Optometrists and ophthalmologists are finding success treating dry eye disease using weak alternate electrical current patterns.
Rexon-Eye developed by Resono Ophthalmic and distributed in Australia and New Zealand by Eyetek, sends electrical signals to stimulate the metabolism and natural regeneration of malfunctioning cells and tissues, such as the lacrimal glands and meibomian glands.
Our bodies rely on electrical currents to function – they stimulate our muscles to contract and we see or hear because our eyes and ears generate and transmit electrical signals to our brain. Electrical currents – both naturally and artificially generated – can also affect the body’s repair and healing processes.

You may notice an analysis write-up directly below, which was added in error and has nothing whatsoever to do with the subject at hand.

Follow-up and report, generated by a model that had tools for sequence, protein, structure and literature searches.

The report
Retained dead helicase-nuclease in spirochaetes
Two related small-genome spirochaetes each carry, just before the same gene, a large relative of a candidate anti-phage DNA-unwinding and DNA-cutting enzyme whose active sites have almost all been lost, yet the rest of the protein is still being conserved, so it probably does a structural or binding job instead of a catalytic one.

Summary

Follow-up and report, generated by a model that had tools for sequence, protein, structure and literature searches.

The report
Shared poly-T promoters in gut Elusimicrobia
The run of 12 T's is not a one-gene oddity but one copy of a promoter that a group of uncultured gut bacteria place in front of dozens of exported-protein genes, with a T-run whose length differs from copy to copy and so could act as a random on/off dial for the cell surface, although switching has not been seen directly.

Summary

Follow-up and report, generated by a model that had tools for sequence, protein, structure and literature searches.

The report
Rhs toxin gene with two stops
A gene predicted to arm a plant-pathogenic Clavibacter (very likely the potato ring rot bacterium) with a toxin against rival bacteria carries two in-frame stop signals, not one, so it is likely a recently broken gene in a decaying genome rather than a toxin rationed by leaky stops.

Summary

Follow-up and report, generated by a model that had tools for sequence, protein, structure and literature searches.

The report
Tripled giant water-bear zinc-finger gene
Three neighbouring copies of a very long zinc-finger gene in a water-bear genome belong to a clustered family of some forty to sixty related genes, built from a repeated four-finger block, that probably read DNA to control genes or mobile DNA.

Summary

Research conducted at Telea Electronic Engineering led to the discovery of Quantum Molecular Resonance (QMR), which emits an alternating electrical signal containing a specific range of frequencies, from four to 16 MHz, that are the same as the molecular bonds in biological tissue.
Subsequent experiments found widening the range of frequencies, from four to 64 MHz, stimulated the metabolism and natural regeneration of biological tissue and cells.
The Rexon-Eye device uses a QMR generator and a mask electrode to optimally apply treatment to the ocular and peri-ocular area. Granted a CE mark in 2016 as a ‘Medical device for the treatment of ocular surface disorders’, it entered the ophthalmic market in 2018 as a therapeutic device.
Future applications for Rexon- Eye include healing following cataract, refractive, corneal graft and transplant surgery. Clinical studies are underway.